At 6:30 AM on the 19th, we arrived at Aventura Hospital for the surgery. By 7:00 AM I was on my way to the operating room and at 11:30 AM I opened my eyes in the recovery room. Surgery was over. I felt a little pain in my belly, but it was very tolerable. By the way, the recommended pain relief for this surgery is two Tylenol! I took my two about fifteen hours later because my back was killing me from lying in bed! About that same time I was up walking around the hospital with the nurse. I did not walk this well for at least a week after my hernia surgery fifteen years ago. It was amazing.

Dr. Krongrad came by the next morning to discharge me with excellent news:  although the prostate was showing signs that the cancer was trying to break though, it had not.  He had gotten it all. Praise God!

Even better is the fact that even though I still have to have my PSA tested, I do not have to face chemo or radiation. I feared that more than anything to be honest with you. Chemo always seemed to me the poster child for the expression “the cure is worse than the illness.”

Most men want to know about the potential sexual side effects of the various treatments for prostate cancer. I was informed that there should be no reason why anything should change in that arena, except for the lack of fluid, which is produced by the prostate. One can also expect to have some degree of bladder control issues after a catheter is in for ten days, but that will go away eventually, depending on your age and physical condition. In my case, two weeks out and the control is coming back strong.

Other issues such as erectile dysfunction may already be affecting men by age 50, so that is to be expected. So, like the ad says (and Elvis has to be spinning in his grave), “Viva Viagra!” 

Seriously, though, I have some comments for men who ask this question.  There are other options out there such as seeding and cryotherapy (freezing the cancer cells) and even an ultrasound process not available in the USA. They too are associated with erectile dysfunction. I don’t know what the sexual side effects of those are.  I do know that since I had cancer in my body, I wanted it OUT of my body. So I made the choice I made, regardless of the potential side effects. If that is really an issue for you, I can only ask one question:  do you know any dead guys who are still having sex?

On Monday, October 1, less than two weeks after my surgery, I returned to City Hall and put in a full week. It’s nice to be back. Thanks to so many of you who sent cards or plants or fruit baskets during my recuperation at home. Your prayers and good wishes certainly helped speed my recovery. Of course a special thanks to Karen, my wife of 33 years, whose vows of “in sickness and in health” were really put through the acid test this time.

By the way, for those of you who think this is an old guy’s disease, Dr. Krongrad’s newest patient is 37 years old.

-- Addendum December 31, 2007

Fabled newscaster Gabriel Heater always started his broadcasts with the phrase “Ah, there’s good news tonight.” Although some of what I am about to write is sad, the good news is that men are finally starting to talk about prostate cancer. I have never been afraid or embarrassed to talk about my experience with it simply because I am a very open person.  My career in government has almost demanded such openness.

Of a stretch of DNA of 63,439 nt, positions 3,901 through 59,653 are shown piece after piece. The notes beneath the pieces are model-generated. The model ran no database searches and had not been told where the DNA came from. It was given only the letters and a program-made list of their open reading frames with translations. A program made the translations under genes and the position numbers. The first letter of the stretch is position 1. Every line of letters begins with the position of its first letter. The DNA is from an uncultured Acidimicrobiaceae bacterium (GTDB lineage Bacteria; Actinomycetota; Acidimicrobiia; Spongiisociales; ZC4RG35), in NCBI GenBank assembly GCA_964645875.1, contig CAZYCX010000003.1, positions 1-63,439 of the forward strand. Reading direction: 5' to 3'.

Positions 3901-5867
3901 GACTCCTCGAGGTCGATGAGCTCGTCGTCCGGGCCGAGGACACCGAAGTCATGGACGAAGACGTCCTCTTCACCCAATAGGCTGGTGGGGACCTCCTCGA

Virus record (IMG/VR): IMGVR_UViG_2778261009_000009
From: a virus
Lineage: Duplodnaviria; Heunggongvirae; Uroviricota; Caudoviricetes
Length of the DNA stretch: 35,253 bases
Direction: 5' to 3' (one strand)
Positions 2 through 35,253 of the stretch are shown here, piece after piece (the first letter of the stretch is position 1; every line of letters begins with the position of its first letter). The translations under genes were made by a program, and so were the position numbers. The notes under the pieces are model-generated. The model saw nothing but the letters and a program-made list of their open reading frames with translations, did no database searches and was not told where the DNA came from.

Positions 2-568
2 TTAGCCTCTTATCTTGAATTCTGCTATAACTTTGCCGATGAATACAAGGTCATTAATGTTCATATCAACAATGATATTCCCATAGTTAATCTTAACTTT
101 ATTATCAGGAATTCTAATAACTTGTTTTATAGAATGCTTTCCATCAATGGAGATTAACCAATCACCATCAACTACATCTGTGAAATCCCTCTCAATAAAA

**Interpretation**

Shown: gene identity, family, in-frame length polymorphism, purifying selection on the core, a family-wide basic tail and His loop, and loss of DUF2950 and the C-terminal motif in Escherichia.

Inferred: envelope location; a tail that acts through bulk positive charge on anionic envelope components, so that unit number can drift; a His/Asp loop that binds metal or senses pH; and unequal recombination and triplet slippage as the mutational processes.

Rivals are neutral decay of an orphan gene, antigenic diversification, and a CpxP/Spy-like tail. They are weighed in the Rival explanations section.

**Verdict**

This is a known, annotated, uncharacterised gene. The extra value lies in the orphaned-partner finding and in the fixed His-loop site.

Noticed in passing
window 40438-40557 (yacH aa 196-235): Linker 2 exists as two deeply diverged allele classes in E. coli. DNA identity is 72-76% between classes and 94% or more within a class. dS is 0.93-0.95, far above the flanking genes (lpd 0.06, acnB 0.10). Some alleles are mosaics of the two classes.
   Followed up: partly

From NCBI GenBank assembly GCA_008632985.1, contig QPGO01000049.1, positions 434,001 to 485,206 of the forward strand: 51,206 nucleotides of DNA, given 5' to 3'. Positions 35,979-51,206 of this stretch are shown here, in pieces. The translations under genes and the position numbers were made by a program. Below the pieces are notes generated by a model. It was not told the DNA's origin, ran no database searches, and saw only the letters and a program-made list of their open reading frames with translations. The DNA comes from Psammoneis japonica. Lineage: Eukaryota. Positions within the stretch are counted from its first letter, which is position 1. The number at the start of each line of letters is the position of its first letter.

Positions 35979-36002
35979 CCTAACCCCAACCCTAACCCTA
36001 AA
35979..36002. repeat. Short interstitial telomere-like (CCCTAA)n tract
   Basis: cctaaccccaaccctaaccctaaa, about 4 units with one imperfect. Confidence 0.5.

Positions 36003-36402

This past week, however, has given us all a glimpse into the world of entertainment and how prostate cancer knows no boundaries. One of my favorite singers from the seventies, Dan Fogelberg, died just before Christmas from this hideous disease. He had been diagnosed too late for any treatment to be effective. The scary part is that he was only 56, a year younger than me. On the home page of his website are two writings. The first speaks of his death, a horribly painful death. The second writing is entitled “and now the sermon,” a fitting cry out to men to get regular PSA blood tests and digital rectal examinations.

From my experience speaking with men about this topic, the digital exam is the part they don’t like. My only comment on this “fear” is that the procedure is far less painful than the battle with a disease that can and will eventually kill you if left untreated. Slowly.  Painfully. All for a few seconds on discomfort? Come on, guys!!

Frank Capra, Jr., also fell to this scourge around the same time. Under Capra's leadership, EUE Screen Gems' credits include several major motion pictures, including 28 Days, The Divine Secrets of the Ya-Ya Sisterhood, Domestic Disturbance, Black Knight and A Walk to Remember.

Lest we forget, prostate cancer also took the life of Frank Zappa in 1993.

Fresh on the heels of Capra and Fogelberg’s deaths came the news that Stephen Stills (Buffalo Springfield, Crosby Stills Nash and Young) had also been diagnosed. The GREAT news is that he was diagnosed early enough to do something about it. He is scheduled for surgery in early January and our prayers are surely with him. What is the lesson here? Stephen was not afraid to be tested regularly. He understood the consequences of not being tested. 

When blood relatives have prostate cancer, your chances increase dramatically. I have had an annual test ever since my brother’s diagnosis ten years ago. I was diagnosed in July 2007.  My choice of treatment was a laparoscopic radical prostatectomy, which was performed in September. 

Two of the side effects associated with prostate cancer surgery are bladder control (incontinence) and erectile dysfunction. I am happy to report that three months after surgery, I have regained complete bladder control. With the help of available wonder drugs, I am regaining much of my old self in that latter category, too!